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An Adult Evening of Shel Silverstein
Simply put, Shel Silverstein was a one-man talent factory who turned the old adage Jack of all trades but master of none on its head. Those who knew him personally, like the Atlantic Theater Company's co-founder David Mamet, loved as well as admired him.
An Adult Evening of Shel Silverstein is Mamet and company's tribute to Silverstein's gleeful and at times ghoulish humor. The evening features ten mini-comedies (Definitely for adults only!) culled from his various play series. The evening is as much a gift to the company as to the honoree. Even the slightest conceit affords the performers a chance to showcase their comedic dexterity. Karen Kohlhaas, who directed these Shel gamesters in the more serious The Water Engine, has skillfully guided them to animate Silvertein's skits with dead pan delivery and carefully calibrated gestures.
Since Silverstein was first and most famously a cartoonist, perhaps the best way to categorize all of this is as a medley of dramatized cartoons. Comedy skits, playlets, one-acters, cartoons -- call them what you will, most are intent on tickling the funny bone though, as with any cartoon, there are subtexts to be extracted from at least a few. If some are more dry chuckles than belly laughs, well that's typical of most such collections.
Duets prevail, starting with "One Tennis Shoe" which revolves around a restaurant encounter between a typical Upper Eastside couple, Harvey (Jordan Lage) and Sylvia (Maryann Urbano). Both are dressed in the best, low key Dry Dock County chic. She, in fact, arrives carrying an extra-large Big Brown Bag. It is this bag that proves to be the Pandora's Box revealing an obsession that will make you take a second look at every brown bag toting Bloomingdale shopper (and, if you are into the subtext, all bag ladies) you pass.
"Bus Stop" is notable for little except Alicia Goranson's ability to string raunchy words together without stopping to catch her breath. In "Going Once", Jody Lambert, as a fast-talking auctioneer, tries to sell us a pink-clad Barbie-Doll blonde named Annie (Kelly Maurer). This new-fangled slave auction, a fairly silly spoof on sexual politics, is saved by Maurer's droll acting out of the assets and skills claimed for her by pitchman Lambert. After Jordan Lage and Alicia Coranson in "The Best Daddy,", give a nightmarish twist to a a tale that h starts out as if it were intended for Silverstein's kid audience, Maurer and Josh Stamberg conclude the first part of the evening with "The Lifeboat is Sinking", a subversive twist on a standard mother-in-law joke.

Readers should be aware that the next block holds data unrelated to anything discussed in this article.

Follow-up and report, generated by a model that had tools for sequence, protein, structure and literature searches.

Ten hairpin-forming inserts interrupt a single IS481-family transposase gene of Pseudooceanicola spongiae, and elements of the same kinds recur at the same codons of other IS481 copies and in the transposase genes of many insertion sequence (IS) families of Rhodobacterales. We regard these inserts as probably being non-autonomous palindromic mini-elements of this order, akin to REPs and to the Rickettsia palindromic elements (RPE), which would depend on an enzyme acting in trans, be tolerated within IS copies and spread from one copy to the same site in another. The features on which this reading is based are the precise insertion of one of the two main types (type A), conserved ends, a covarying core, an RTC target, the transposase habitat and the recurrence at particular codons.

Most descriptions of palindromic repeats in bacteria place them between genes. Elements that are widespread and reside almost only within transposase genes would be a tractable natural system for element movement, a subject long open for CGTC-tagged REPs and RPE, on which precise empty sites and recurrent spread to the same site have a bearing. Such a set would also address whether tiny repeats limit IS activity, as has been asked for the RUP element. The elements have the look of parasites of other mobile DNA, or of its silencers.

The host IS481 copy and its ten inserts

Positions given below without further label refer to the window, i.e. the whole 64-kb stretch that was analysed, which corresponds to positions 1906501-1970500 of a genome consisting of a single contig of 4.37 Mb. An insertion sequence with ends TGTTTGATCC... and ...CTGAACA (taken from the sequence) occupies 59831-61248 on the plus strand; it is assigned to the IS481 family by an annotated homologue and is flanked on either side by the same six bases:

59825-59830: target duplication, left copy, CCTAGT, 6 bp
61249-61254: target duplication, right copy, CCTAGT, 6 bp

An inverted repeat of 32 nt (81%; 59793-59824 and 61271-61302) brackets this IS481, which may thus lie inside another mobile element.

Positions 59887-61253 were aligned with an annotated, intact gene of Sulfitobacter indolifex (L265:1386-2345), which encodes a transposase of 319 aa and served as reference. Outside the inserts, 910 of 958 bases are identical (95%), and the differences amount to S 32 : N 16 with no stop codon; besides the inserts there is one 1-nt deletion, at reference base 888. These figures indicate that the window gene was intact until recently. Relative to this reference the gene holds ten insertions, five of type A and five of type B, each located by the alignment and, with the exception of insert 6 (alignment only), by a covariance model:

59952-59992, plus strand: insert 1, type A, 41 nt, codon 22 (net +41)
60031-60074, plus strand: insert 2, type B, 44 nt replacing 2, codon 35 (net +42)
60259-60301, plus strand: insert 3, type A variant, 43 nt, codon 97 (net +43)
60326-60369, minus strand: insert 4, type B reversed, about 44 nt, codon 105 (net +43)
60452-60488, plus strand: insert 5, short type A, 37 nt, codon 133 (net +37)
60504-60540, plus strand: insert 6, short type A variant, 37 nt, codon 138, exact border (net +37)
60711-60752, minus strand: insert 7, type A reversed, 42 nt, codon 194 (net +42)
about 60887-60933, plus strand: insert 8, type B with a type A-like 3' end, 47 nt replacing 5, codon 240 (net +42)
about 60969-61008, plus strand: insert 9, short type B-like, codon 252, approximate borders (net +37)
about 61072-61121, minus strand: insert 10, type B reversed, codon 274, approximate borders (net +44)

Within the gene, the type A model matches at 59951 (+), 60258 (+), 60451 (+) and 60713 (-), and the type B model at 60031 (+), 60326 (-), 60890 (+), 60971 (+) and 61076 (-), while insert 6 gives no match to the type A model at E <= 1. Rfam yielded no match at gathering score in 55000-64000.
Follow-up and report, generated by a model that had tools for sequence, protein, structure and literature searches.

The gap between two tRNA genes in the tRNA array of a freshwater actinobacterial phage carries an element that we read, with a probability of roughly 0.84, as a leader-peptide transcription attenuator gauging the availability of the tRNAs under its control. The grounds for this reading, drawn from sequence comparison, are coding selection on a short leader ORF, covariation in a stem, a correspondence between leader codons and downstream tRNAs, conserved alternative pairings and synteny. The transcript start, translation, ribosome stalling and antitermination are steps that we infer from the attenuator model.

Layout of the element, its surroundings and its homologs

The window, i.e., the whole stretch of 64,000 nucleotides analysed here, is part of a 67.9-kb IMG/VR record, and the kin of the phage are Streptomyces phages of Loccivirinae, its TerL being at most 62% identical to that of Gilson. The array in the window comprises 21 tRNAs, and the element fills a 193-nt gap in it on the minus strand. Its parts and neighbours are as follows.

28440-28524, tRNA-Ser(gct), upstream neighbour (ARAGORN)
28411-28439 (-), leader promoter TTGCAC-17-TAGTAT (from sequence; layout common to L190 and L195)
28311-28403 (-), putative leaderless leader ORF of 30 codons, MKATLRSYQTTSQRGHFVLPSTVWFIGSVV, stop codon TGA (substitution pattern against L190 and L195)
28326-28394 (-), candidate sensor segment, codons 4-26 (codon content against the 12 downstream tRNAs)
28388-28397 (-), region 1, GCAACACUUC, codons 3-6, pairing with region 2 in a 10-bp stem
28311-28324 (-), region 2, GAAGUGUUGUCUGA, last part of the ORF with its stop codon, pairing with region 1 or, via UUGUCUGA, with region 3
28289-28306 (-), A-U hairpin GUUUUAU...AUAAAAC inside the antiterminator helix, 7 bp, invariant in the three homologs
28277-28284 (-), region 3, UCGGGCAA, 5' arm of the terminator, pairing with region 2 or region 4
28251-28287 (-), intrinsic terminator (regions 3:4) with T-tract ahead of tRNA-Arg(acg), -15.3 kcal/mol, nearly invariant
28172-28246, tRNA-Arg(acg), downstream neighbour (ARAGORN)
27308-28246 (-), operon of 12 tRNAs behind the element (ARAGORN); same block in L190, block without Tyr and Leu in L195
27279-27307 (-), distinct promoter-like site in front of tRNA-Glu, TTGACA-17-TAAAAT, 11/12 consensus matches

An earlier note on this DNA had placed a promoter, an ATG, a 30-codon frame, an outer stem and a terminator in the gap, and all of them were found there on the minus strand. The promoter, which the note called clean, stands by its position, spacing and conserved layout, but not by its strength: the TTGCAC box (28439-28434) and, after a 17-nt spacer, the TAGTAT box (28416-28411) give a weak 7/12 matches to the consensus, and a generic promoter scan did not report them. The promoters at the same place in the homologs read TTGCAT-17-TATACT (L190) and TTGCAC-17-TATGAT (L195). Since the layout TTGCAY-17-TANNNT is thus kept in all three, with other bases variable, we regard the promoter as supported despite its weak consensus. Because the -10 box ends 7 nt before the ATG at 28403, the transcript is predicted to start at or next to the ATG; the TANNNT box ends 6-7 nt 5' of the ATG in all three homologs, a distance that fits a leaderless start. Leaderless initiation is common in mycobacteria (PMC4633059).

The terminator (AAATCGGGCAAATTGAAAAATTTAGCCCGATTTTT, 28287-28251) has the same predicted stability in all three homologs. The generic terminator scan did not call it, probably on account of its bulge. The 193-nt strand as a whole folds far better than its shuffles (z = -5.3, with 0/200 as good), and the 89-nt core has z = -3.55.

After the intermission, which like the intra-skit music, provides a recorded taste of Silverstein's songs, there's a gangster-noir in which three nattily dressed Mafia types (Kelly Maurer-Bender, Jordan Lage-Jimbo and Jody Lambert-Gibby) descend on the studio of Snooky (Josh Stamberg), the graphic artist who coined the slogan on the ubuiquitous Smiley buttons. The trio is out to seek revenge on behalf of the cliche-besieged world. Snooky's crimes against originality also include phrases like "have a good day." I'll leave it to you to find out whether more benign gems like " make love, not war" will save Snooky from these avengers' wrath.
"Wash and Dry", one of the evening's standouts, most tellingly reflects the influence of Chicago based funny men like Silverstein on popular sitcoms. Maryann Urbano and Alicia Goranson as a laundry manager with a unique concept of customer service and a frustrated customer bring to mind the famous Seinfeld episodes about the Soup Nazi. "Buy One Get One Free", is a riff with catchy Shakespearean flavored verses. It relies heavily on the names of its three characters for laughs -- two hookers named Merilee (Alicia Goranson) and Sherilee (Maryann Urbano) and a would-be customer who could only be named Lee (Jordan Lage) -- and so he is! .
A few words about the stagecraft are very much in order. Walt Spangler's slick, all-purpose primary colored set aptly serves each story and the overall cartoon mood. Lighting designer Robert Perry deftly transforms what you see when you take your seat into a kaleidoscope of additional colors. As for Miguel Angel Huldor's costumes, they are show in their own right. "Thinking Up a New Name For the Act", owes whatever humor it provides to the variety of black and white polka dots and plaids worn. Even the nonhuman co-star of the shaggy dog finale, Barney the dog, is adorable.
In a season with little to laugh about off-stage, the Atlantic Theater seems to be on the right track . A full-length comedy is scheduled to follow (a revival of a 1915 comedy by Harold Brigthouse starring that most steadily employed of actors, Brian Murray). World premieres by Craig Lucas and Richard Nelson are set to complete the 2001-02 season, this looks like a good time to become member. That way, as the company members combine honoring Shel Silverstein with having a good time with his dizzy cast of characters, you can combine good theater with affordable prices.
The Water Engine which features this team in a more serious mood.
For reviews of other Atlantic Theater productions, check our master index or our site search engine
6,500 Comparative Phrases including 800 Shakespearean Metaphors by CurtainUp's editor.
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